Terrorism and the WTO: The Importance Of the Rule Of Law

Listener 23 February 2002

Keywords Globalisation & Trade; Political Economy & History

I fear the terrorists have won. Oh sure, they may all be eventually eliminated by the efforts of the Western Alliance, but another generation will rise, who will have had confirmed that the methods of bullies and thugs are justified. …

… Many people live in political systems where such arbitrariness and tyranny predominate. But we in the West generally do not. A few hundred years ago it did, but our sort of society evolved a system of the rule of law in which the brutal power of the executive was increasingly restrained.. The Red Queen’s ‘Sentence first – verdict afterwards’, is a joke to us, but a barbarous reality in some regimes, where even the trial, if there is one, can be a farce.

The terrorists were bullies when they crashed planes into buildings. They may argue that their actions were justified by some higher power, of which they were the sole judge. (The English cut off the head of the head of a king who argued that.) When America and its allies struck back against those who they deemed terrorists, they were appealing to the same principle. (The British government at least admitted they did not have enough evidence to convict Osama Bin Laden in a court. But they sentenced him anyway, and joined in the attempted execution.) The West’s responses sets a bad precedent for any terrorists: might is right; bully if you can get away with it.

The rule of law not only protects our human rights, but in doing so it protects private property rights, the result of which has been to promote economic growth. Thus the prosperity of security against arbitrary interventions by the state, is combined with material prosperity as business takes place in a context where outcomes are not upset by arbitrary interventions, and where there is the security of knowing that the proceeds of successful enterprise will not be arbitrarily confiscated.

While this broadly applies in some economies – perhaps not a majority of them, although in all prosperous ones that do not depend on quarrying resources – does the rule of law apply to trade between economies?

It is getting there. In 1999 the US slapped a tariff of at least 9 percent and up to 40 percent on our lamb exports despite an agreement that it was bound to (could not be higher than) only a few cents per kilo. The surcharge was entirely for domestic political purposes, and it may have cost New Zealand farmers up to $45m over three years. Our redress against the bullying was to follow World Trade Organisation (WTO) procedures, which found in our favour. The US, having stated it was bound by international trading rules, reduced the tariffs to the bound levels.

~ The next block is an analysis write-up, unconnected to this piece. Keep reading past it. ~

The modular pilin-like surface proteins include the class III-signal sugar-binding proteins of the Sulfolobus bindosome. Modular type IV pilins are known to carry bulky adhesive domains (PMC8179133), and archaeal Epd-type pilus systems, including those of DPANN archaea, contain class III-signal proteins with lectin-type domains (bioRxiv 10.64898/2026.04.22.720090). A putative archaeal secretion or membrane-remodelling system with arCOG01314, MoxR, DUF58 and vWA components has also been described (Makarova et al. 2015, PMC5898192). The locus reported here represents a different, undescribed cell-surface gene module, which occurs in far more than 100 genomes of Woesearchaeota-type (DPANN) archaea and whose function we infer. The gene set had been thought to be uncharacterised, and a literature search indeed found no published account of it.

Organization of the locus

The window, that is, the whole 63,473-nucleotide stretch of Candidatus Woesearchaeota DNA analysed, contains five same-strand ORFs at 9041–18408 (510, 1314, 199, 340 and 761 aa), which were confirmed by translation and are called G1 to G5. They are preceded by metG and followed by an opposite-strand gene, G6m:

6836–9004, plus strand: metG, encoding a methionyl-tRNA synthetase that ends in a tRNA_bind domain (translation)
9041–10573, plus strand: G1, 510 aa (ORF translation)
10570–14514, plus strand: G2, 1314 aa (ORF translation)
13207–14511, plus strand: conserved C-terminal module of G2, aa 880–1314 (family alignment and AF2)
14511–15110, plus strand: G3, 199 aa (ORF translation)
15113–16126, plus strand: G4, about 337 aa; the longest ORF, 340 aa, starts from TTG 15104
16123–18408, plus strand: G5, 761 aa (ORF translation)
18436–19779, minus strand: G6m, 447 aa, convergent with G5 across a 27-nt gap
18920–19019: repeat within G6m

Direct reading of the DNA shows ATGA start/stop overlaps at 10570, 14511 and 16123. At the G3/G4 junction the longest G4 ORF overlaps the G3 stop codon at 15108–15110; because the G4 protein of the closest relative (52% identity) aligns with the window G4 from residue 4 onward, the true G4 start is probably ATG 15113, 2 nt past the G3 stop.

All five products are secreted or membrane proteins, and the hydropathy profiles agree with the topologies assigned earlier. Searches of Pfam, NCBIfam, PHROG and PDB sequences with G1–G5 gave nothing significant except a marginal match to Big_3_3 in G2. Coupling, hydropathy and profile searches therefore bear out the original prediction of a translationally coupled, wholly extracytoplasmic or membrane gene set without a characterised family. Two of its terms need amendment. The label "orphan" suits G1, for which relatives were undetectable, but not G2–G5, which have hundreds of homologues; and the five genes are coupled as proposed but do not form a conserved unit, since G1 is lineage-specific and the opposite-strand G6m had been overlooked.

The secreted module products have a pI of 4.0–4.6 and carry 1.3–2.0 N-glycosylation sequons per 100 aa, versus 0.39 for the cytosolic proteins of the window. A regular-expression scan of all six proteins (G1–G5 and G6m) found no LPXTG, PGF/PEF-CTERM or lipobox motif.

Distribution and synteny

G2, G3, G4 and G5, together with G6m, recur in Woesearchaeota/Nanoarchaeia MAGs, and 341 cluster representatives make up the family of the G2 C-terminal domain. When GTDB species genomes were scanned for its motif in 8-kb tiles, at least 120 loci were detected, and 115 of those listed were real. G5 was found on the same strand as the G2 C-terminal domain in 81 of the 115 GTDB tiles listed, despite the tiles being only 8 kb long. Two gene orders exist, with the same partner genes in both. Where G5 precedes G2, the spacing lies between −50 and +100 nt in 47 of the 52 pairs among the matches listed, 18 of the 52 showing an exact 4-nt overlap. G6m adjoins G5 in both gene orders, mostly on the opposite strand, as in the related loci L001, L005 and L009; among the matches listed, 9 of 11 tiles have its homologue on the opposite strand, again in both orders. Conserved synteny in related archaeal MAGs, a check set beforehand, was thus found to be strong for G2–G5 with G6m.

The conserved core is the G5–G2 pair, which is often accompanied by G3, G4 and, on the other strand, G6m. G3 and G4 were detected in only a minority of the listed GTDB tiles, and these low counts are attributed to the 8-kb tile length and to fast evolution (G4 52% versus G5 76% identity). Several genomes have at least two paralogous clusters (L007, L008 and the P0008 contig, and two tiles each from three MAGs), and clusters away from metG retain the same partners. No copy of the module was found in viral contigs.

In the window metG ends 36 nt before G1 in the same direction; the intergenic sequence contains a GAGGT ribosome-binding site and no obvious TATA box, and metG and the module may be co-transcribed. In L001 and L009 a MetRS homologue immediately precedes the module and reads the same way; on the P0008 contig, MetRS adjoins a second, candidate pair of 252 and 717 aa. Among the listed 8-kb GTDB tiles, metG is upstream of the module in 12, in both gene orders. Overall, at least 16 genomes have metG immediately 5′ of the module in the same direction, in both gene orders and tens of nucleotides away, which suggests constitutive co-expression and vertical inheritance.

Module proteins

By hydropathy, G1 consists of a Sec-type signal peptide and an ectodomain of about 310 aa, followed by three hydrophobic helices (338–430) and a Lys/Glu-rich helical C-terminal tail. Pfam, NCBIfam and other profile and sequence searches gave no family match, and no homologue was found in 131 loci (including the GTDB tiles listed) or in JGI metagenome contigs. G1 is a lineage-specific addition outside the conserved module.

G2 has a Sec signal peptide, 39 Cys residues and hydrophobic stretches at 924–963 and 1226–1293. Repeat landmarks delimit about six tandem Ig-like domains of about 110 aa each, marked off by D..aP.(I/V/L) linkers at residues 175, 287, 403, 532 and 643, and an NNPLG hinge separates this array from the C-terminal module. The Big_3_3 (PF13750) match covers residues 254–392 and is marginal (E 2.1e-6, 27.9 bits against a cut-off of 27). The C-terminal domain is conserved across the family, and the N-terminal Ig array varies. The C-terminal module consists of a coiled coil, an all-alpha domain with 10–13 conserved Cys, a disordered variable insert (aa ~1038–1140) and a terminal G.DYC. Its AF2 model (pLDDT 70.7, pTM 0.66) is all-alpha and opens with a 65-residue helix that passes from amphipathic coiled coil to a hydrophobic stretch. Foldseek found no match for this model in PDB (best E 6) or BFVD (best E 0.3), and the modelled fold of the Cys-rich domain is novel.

The role of the WTO is to develop a rules based international trading system, where traders cannot do the equivalent of acts of terrorism or invading other countries because they are angry. Of course the exact rules matter and, just as in our history, the powerful are most active in establishing them and the rules the create favour themselves. But rules evolve. When signing the Magna Carta the barons meant literally that they should be judged by their peers, and did not envisage the day where the principle would apply to their serfs.

Today’s barons are countries and corporations. How should New Zealand, down at the serf level, approach the WTO? In my view we should welcome the development of rules-based international trading system, but criticise – preferably in association with other small like minded nations – where the rules favour the powerful. But in the end we must expect – with rare exceptions – to sign up, even where the rules are onerous.

We should vigorously promote human rights, minimum (appropriate) working conditions, environmental standards, and the protection of culture and national identity. Sometimes another agency may be a better means of regulation, such as protecting working conditions via the International Labour Organisation conventions. But we should reject the principle that every existing job must be permanently protected, which seems to be the only concern of some – but not all – protestors against the WTO (their own jobs of course). Other non-governmental protestors will contribute to the development of more humane and ecologically sustainable ones.

(The logic of the evolution of a rules-based international trading regime does not apply to bilateral trading deals. We seem to be involved there because competitor countries, especially Australia, want them, and we fear being discriminated against if we dont join in. )

A common complaint against the WTO is that it reduces national autonomy. Sometimes it has tried to unnecessarily. But usually the loss of autonomy begins with the country getting involved in international trade. That is the point of the rule-of-law based societies. Once involved in social intercourse, we give up some autonomy. Rules and conventions in a civil society dont reduce autonomy, but enable it to be maximised. They limit tyrants, bullies, thugs, terrorists and other savages. We should pursue the rule of law in international trade: we should pursue the rule of law in international politics.